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ID requested: Miocene sharkteeth from Rumst (Belgium)


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Hi everyone,

saturday I went on my 2nd fossil hunting trip with my fossil club to the Wienerberger quarry in Rumst in the Rupel area near Antwerp (Belgium).

We hunted mainly in a thin Miocene layer dating back to the Burdigalian around 20.43 - 15.97 million years ago.

We found many shark teeth, most of which are C. hastalis, but there are a few I can't quite identify as shark teeth are not really my area of expertise and I was not acquainted with the location until my visit.

So I was hoping some experts could me out or someone who is familiar with the species from the location.
I did send an email to one of the excursion leaders from the trip, but he admitted not being a sharkteeth expert himself either and couldn't help me much further with ID's.
So any help would be welcome.


So the first batch of teeth are what I all believe to be C. hastalis. I am pretty confident with my ID on them but the other teeth are a mystery for me.



These two teeth are pretty beaten up. The tooth on the right has no enamel layer anymore and I doubt an ID is impossible. 
But the tooth on the right could be beat-up C. hastalis but I am not sure, it also kinda looks like a pretty beat-up Carcharocles angustidens. The latter can be found at the location and are usually found in the bad condition due to the fact that they were present in a now lost layer a little bit older than the one were most shark teeth were. 

But as said before I am not an expert and I am just purely speculating with the little info on the location I have.



I don't really know how to ID these teeth.

Are they C. hastalis but located on different locations in the jaws than the previous C. hastalis teeth or do these belong to a different species?




Then there are these 3 teeth that I don't know how to ID



We also found a few small shark teeth of which I believe they might belong to a different species than C. hastalis



And then the last tooth is this one, on first sight it kinda looks like a C. hastalis tooth but when you take a closer look you can see that the edges are serrated. 
So I wonder whether anyone know what species this could be?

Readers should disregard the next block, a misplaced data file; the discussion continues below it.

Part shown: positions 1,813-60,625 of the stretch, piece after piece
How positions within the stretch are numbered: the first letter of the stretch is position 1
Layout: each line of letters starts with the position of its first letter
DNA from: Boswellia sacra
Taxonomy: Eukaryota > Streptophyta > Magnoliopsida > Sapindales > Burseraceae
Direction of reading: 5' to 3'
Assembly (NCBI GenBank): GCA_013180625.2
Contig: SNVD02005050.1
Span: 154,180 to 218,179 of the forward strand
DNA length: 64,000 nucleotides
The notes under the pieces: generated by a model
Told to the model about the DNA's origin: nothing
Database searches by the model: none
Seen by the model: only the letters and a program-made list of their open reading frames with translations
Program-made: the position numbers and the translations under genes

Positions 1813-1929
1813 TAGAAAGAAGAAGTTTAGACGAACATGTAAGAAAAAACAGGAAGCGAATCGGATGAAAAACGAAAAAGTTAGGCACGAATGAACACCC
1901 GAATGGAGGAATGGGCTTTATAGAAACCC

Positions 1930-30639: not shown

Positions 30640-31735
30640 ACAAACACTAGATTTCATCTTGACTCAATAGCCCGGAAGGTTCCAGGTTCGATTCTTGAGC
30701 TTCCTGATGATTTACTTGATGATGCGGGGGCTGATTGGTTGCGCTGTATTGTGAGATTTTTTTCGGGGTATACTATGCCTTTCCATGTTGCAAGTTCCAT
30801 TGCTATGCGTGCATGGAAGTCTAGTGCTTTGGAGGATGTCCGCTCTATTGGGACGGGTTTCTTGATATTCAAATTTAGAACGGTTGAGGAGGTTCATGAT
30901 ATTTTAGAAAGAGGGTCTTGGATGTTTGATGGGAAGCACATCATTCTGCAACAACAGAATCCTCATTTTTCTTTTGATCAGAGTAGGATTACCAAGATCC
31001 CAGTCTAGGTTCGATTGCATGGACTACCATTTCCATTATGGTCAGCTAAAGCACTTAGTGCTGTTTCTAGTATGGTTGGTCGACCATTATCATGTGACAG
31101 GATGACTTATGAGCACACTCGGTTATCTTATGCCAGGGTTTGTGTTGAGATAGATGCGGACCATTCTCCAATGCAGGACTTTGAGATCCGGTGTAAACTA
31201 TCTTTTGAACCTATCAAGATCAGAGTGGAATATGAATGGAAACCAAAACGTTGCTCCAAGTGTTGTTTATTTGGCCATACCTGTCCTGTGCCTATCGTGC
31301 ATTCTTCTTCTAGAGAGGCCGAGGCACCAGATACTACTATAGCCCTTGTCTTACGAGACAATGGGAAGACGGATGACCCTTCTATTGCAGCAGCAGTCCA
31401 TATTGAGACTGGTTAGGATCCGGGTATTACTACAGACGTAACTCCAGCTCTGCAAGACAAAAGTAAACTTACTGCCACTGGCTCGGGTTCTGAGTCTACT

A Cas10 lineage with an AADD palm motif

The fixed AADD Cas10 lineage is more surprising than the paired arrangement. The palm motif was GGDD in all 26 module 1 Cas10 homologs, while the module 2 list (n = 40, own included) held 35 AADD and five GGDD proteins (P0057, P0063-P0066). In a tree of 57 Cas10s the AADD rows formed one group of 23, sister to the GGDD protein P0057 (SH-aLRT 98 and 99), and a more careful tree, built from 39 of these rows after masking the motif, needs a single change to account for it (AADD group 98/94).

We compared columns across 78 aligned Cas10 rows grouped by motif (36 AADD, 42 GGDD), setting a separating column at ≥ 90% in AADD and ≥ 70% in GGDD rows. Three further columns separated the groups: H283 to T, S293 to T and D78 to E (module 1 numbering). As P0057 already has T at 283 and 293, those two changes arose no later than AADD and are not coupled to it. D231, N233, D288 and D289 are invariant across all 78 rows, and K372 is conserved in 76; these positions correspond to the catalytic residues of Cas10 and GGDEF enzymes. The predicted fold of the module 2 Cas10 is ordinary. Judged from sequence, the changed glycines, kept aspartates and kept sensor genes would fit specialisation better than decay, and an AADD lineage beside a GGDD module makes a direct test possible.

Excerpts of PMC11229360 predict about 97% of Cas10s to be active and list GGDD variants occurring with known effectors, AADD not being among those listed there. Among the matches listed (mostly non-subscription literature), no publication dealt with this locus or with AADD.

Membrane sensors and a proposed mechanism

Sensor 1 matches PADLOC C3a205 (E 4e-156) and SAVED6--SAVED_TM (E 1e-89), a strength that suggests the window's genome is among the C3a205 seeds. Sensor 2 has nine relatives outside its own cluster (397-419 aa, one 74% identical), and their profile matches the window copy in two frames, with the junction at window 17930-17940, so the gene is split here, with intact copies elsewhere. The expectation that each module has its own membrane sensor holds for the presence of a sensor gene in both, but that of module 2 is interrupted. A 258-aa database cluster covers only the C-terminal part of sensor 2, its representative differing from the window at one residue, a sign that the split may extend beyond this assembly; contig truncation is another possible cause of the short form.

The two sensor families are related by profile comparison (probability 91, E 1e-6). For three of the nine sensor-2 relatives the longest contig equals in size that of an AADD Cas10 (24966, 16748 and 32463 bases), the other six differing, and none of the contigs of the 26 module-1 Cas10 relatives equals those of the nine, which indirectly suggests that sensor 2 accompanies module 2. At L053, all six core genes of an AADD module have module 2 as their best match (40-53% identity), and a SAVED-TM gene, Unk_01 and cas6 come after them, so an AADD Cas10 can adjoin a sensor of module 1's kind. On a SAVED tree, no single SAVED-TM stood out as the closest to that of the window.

Well that were all, I would really appreciate some help for their ID's

Thank you in advance! 

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Top tooth in pic 5 looks like a thresher to me. 

  • I found this Informative 1
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I took the liberty of brightening and enlarging the first picture.  :) 



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I’m sorry to say that I can’t help much with identifying your shark teeth, but I am glad to see that you were able to get out and hunt again! :thumbsu:

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20 hours ago, Darktooth said:

Top tooth in pic 5 looks like a thresher to me. 

Thank you, I've looked up images of teeth and they do indeed look very alike and they apparently are present at Rumst :) 


16 hours ago, FossilNerd said:

I’m sorry to say that I can’t help much with identifying your shark teeth, but I am glad to see that you were able to get out and hunt again! :thumbsu:

Yes me too! Me and my girlfriend had an amazing day hunting, we can't wait till next time :) 

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Thank you all for the replies. 
I've gotten my hands on an article that describes the teeth from the location as well as a website with some ID from the location.
And I think most of the teeth are now ID'd.
All the teeth in photo's 1 - 4 are C. hastalis.

The 3 teeth in photo 5 are probably all Isurus retroflexus, which is a common find in Rumst.

The 2 middle teeth in photo 6 probably belong to Odontaspis sp., I don't know about the 2 outer teeth though.

And after some research I am quite confident that the serrated tooth belongs to Carcharomodus escheri.

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On 20-11-2019 at 9:30 AM, Natalie81 said:

Belgiansharkteeth is a very helpful website, give it a try :)

Yes thank you, I did came across this website during my search and it was very helpfull, one of only two websites with some info on sharkteeth on that location :) 

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